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The Klaus Plot Hole That Umbrella Academy Fans Aren't Happy About

By the end of The Umbrella Academy's first season, fans finally got the chance to see the kind of power Klaus was truly capable of. A fan favorite, Klaus' dark sense of humor and dramatic journey from drug addict to powerful hero made him one of the Academy's more empathetic and entertaining characters. While he may have been Sir Reginald's "greatest disappointment," viewers saw Klaus a little differently.

The journey of Klaus (Robert Sheehan), as spirited as it was, couldn't have happened without the help of his dead brother, Ben (Justin Min). While The Umbrella Academy skirted around Ben's fate, it had no reservations about exploring him and his afterlife arc through his relationship with Klaus. For the entirety of the Netflix series' first 10 episodes, the two weren't just physically attached but had their development tied to each other through Klaus' powers. Klaus often found the arrangement taxing, but the writers clearly saw it as an opportunity to keep Ben in the loop.

Yet, prior to the season 1 finale in which Ben was revealed to still be alive through Klaus' powers, it was unclear whether any of the Hargreeves besides Number Four actually knew Ben was, well, right there. The Hargreeves knew of Klaus's ability to speak to the dead, and they attempt to use it after the death of their adoptive father, Sir Reginald (Colm Feore), to discover how he died. So why didn't they try the same thing with Ben?

Despite the fact that Ben is often there for some of the team and Klaus' biggest decisions, they only sometimes acknowledge him, and that inconsistency has some fans frustrated.

Klaus confuses viewers about whether Ben is actually there

While there are plenty of moments in The Umbrella Academy where characters seemingly contradict themselves on whether Ben could be among them, the oddest moment comes in episode 3, "Extra Ordinary." As the Hargreeves siblings take a vote on what to do with their android "Mom," Klaus votes to keep her turned on before telling them, "If Ben was here, he would agree with me." It's clearly a way to guilt his siblings who have voted to turn her off, but Ben is actually there, and states that he sides with Luther (Tom Hopper) and Allison (Emmy Raver-Lampman). So if Klaus knew that Ben was there, why didn't he just say so to his siblings?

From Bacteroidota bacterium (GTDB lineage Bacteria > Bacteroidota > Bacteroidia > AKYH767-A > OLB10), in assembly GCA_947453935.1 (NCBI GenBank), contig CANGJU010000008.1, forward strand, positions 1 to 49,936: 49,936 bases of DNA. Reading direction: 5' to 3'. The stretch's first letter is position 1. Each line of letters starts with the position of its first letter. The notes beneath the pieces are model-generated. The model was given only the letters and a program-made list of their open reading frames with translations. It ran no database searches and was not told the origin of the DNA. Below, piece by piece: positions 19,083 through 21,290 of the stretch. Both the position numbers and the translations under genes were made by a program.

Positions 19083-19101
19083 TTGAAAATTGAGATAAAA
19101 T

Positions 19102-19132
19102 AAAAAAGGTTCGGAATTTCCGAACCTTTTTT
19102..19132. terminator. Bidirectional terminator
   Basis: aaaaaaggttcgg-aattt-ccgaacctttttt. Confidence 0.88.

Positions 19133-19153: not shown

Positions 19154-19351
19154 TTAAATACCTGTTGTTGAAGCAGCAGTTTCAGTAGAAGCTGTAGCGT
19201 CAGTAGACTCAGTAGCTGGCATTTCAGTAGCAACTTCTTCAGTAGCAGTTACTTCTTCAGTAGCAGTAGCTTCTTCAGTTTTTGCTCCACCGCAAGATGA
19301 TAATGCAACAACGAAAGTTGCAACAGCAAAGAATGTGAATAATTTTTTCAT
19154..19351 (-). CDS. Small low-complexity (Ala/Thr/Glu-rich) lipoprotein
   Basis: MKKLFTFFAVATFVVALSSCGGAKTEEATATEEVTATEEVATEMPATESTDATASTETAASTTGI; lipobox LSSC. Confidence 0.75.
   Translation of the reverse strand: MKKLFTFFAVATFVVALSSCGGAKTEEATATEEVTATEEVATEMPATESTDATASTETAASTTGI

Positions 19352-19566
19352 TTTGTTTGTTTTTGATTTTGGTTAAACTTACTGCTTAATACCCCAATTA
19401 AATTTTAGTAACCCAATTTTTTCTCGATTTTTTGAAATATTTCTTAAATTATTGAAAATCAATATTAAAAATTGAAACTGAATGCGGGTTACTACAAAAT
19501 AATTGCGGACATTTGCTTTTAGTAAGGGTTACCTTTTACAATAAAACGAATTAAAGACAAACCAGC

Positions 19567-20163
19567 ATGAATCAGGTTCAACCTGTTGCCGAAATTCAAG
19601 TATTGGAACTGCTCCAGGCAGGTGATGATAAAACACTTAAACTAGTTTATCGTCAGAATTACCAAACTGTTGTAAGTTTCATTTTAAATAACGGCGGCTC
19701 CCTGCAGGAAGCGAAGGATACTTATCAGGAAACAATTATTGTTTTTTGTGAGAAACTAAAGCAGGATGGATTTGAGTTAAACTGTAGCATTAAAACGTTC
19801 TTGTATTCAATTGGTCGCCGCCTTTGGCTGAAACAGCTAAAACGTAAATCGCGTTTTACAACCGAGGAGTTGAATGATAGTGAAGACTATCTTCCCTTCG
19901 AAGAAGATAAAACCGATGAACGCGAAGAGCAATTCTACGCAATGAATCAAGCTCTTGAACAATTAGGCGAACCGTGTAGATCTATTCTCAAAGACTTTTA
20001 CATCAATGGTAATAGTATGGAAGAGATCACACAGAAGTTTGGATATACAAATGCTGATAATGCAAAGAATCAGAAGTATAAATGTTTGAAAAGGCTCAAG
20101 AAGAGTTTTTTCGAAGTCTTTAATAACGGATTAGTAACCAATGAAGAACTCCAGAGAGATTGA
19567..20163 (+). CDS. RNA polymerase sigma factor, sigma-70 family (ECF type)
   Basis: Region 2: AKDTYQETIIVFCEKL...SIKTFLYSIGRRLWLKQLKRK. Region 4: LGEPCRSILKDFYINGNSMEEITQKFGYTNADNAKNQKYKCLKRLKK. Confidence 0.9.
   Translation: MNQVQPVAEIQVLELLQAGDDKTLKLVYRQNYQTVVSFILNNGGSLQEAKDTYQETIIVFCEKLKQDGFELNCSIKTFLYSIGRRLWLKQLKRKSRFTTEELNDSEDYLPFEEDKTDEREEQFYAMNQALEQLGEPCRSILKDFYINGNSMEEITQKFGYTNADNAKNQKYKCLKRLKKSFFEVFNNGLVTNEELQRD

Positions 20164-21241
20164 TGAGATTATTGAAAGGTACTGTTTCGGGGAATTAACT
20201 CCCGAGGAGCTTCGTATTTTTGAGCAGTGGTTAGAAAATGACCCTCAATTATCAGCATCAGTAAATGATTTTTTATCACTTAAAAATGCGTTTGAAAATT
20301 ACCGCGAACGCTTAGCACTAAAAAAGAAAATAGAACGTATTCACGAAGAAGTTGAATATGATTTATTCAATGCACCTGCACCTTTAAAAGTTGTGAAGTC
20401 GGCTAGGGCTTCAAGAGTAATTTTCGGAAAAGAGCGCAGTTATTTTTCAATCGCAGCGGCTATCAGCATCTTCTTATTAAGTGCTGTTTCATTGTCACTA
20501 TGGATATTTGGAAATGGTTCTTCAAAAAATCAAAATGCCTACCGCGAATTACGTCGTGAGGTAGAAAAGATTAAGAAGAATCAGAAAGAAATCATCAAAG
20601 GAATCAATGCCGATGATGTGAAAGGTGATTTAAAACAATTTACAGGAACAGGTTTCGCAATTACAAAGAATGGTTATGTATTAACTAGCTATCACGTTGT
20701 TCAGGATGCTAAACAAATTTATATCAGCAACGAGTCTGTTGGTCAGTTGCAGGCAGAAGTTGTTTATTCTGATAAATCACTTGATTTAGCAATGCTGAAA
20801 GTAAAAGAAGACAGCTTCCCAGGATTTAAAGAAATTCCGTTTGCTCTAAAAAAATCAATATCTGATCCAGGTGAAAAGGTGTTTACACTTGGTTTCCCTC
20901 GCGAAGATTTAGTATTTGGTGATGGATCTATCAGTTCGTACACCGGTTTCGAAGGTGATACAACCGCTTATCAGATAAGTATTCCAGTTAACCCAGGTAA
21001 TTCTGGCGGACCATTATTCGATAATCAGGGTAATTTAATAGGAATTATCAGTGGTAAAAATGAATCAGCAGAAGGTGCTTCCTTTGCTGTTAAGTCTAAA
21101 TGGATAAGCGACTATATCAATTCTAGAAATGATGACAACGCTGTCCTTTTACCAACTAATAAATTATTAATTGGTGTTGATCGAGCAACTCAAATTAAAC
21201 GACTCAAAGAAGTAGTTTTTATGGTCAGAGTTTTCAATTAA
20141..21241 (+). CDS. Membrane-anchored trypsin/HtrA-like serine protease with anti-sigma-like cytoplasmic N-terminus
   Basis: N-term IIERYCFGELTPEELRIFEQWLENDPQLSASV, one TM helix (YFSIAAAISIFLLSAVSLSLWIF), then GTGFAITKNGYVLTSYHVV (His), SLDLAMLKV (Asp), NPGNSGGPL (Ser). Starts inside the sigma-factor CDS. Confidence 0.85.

In this particular moment, it works against Klaus because Ben's vote ties them up, making the vote of Number Five (Aidan Gallagher) the deciding one. Ignoring that Ben has disagreed with him means that Klaus, Diego (David Castañeda), and Vanya (Ellen Page) succeeded in keeping Mom turned on. It's a move not out of character for Klaus, and it leads to the group putting a pause on the vote until Five can have a say. Now, with Ben out of the equation, if Five votes to turn Mom off, it'll remain a tie, which would lead to the same inaction Luther agreed to while waiting for Five — a win-win for Klaus.

But even if Klaus did pipe up and tell his siblings that Ben was there and had voted, would they have believed him? Their skepticism around Klaus throwing a bowling ball at Ben on the season 1 finale "The White Violin" indicates they probably wouldn't have. 

The Hargreeves may have needed to believe Ben moved on

On episode 5, "Number Five," Diego references the death of his former partner, Detective Eudora Patch, during a conversation with Klaus, telling his brother that he's "luckier than most." "When you lose someone you still get to see them," Diego says, implying that he knows the dead communicate with Klaus. So if Diego knows that Klaus can still see the dead, he should know that he can still see Ben — and yet the group was shocked when Ben appeared to save Diego in the finale. 

This may be explained by how little the Hargreeves know about Klaus's power. His conversation with Reginald about being a disappointment in episode 7 proves that for much of Klaus' life, the family hadn't seen everything he was capable of. Reginald might have known it, but because he couldn't get Klaus to manifest his full level of power, his siblings never saw it. The fact that Klaus spent so much of his adult life trying to snuff his powers out with drugs, and destroyed his siblings' trust in him in the process, may have furthered their belief that he was not capable of a sustained relationship with the dead.

Or maybe, considering what happened to Ben — the very event that split The Umbrella Academy up — the idea that he might still be around, trapped in a cycle of familiar trauma even in death, was too much to accept. If Klaus couldn't reach their father for whatever reason, the next best thing was that Reginald had moved on. And if the team was still harboring unresolved tension and guilt over Ben, maybe it was just easier to think that Klaus was, too.

All we can do is speculate, because the show never offers up any explanation. Perhaps the situation will become more clear in The Umbrella Academy season 2.